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Dave Ramsey

Suze Orman

David Bach

What do these people have in common? They're financial gurus and millions of people consider them their financial mentors. I've read their books and agree that you can learn quote a bit about finances from them. However I have different financial mentors.

For me my financial mentors are people I've grew up with – family and friends who've taught me by their own examples. I just want to highlight a few lessons I've learned from my family. I hope they're as helpful for you as they are for me.

My Grandma – Make Savings a Habit

My maternal grandmother had a regular habit to set aside a chunk of her income for savings. No matter the amount, she made sure that she also kept a buffer in her checking account.

Even though other may have higher income, she always had money in the bank. She showed me that income alone doesn't solve your financial problem. Knowing how to use it and save it has a bigger impact.

That counteracted my belief that if you had a limited income (like I did as a college student) you couldn't really saved. Paying yourself first sounds simple, but for me it had to be automated for me to get it done.

Grandma -Save Before You Buy

My grandmother loved having a few nice things. She lived a minimalist life and so anything that she bought was high quality and something that she loved. that meant a lot of thought went into her purchases. She typically saved up before she bought something.

The other option was layaway. Being in debt was not an option in her mind. Paying upfront also helped her negotiate better deals on her purchases.

I had to learn the hard way that impulse buying and the ‘buy now pay later' system was hurting me financially. Worse, I had a bunch of junk that I really didn't want once the reality set in.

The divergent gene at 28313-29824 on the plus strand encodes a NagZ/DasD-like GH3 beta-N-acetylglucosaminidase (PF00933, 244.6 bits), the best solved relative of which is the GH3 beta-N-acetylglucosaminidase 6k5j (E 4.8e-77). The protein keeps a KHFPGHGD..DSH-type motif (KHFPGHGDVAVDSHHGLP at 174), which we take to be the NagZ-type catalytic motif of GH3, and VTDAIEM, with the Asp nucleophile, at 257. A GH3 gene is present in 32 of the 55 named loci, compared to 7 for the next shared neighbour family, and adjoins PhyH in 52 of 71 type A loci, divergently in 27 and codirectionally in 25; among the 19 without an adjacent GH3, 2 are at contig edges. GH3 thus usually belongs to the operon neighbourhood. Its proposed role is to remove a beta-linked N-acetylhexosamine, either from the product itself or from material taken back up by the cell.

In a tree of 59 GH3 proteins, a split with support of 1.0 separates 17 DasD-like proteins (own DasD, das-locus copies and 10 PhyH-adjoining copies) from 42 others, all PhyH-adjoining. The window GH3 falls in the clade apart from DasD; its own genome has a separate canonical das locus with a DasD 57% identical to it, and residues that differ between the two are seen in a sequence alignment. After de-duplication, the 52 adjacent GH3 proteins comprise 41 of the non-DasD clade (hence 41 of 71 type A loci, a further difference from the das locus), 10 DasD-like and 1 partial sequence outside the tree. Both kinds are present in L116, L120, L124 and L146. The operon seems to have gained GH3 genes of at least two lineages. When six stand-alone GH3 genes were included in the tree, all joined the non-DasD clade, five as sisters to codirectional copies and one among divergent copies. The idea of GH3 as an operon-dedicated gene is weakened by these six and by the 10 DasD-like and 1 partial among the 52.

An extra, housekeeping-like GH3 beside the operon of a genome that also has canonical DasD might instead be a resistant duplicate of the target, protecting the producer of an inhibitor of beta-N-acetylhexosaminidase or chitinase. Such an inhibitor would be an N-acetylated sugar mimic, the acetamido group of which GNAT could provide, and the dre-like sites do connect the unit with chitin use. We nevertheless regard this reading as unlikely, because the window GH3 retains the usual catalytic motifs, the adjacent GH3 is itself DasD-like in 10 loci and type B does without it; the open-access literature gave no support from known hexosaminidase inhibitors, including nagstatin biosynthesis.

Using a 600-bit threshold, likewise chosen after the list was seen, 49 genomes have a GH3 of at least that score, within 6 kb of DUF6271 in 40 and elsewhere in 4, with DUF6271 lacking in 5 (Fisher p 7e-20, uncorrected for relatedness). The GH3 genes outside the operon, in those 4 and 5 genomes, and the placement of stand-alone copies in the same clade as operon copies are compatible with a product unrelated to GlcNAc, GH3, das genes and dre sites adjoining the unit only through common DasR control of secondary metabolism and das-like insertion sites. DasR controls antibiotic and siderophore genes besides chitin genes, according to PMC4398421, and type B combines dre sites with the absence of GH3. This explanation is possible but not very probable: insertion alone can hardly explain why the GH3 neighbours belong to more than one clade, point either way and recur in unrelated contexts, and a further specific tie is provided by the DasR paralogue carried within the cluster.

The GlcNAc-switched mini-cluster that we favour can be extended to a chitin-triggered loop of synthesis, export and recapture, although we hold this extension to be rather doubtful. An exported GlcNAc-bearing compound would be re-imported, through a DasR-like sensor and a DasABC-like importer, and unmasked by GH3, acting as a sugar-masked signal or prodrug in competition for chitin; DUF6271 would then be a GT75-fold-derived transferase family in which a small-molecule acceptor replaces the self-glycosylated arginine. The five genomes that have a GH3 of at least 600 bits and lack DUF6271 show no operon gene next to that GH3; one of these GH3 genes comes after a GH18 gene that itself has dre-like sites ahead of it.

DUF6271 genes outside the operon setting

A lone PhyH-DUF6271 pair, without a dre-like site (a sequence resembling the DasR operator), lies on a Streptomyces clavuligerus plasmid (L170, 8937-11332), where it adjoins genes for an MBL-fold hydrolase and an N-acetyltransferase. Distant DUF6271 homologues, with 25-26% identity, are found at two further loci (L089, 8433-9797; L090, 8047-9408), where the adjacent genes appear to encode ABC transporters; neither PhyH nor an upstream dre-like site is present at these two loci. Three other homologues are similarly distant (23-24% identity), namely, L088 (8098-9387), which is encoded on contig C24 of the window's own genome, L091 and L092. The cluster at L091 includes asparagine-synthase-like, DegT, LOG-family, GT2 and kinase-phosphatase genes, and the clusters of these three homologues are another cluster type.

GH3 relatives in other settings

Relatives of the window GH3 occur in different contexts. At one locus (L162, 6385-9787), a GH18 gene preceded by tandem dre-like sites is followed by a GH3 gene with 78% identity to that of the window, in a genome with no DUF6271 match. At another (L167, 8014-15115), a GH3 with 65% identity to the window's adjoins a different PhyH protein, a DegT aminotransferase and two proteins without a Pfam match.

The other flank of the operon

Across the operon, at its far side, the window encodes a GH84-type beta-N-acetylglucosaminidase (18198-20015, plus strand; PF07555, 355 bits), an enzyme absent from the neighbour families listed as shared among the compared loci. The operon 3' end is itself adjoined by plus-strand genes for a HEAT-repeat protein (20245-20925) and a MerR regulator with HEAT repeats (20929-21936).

Mom- Help Others When You Can

My mom is a giver by nature. She loves to help others. As a teacher, she's set aside a portion of her budget for extra school supplies for her students. She is the first to offer help to others and offer a listening ear.

I love her generosity and her big heart. It's one of her most precious qualities. (I just love my mom! )

I'm glad that she passed this trait on to me. We have charities that we support and we hope to increase what we can give as our finances improve. My goal is not to just give to more charities, but to support a few causes that have a big impact on others.

Husband- Learn to Be Objective with Financial Decisions

My husband has some wonderful traits, but for the sake of this topic, I'm going to highlight his objectivity with money. He typically makes decisions based on long term consequences. Sometimes it seems like it takes forever, but he usually makes the right choice when he does it his way.

He's generous when helping others and its tempered by his objectivity in seeing what would be the best way to assist someone. Loaning money to family and friends is tricky business. He's been able to see if money is the solution or if we need to take a different route to help someone.

Being close to others, I can get swept up in the situation. Having a knee jerk reaction can be more harmful than helpful. I love my husband and appreciate his advice.

Who are Your Financial Mentors?

Earlier this month I asked on Twitter and Facebook, who were other people's financial mentor(s) and I got some wonderful responses: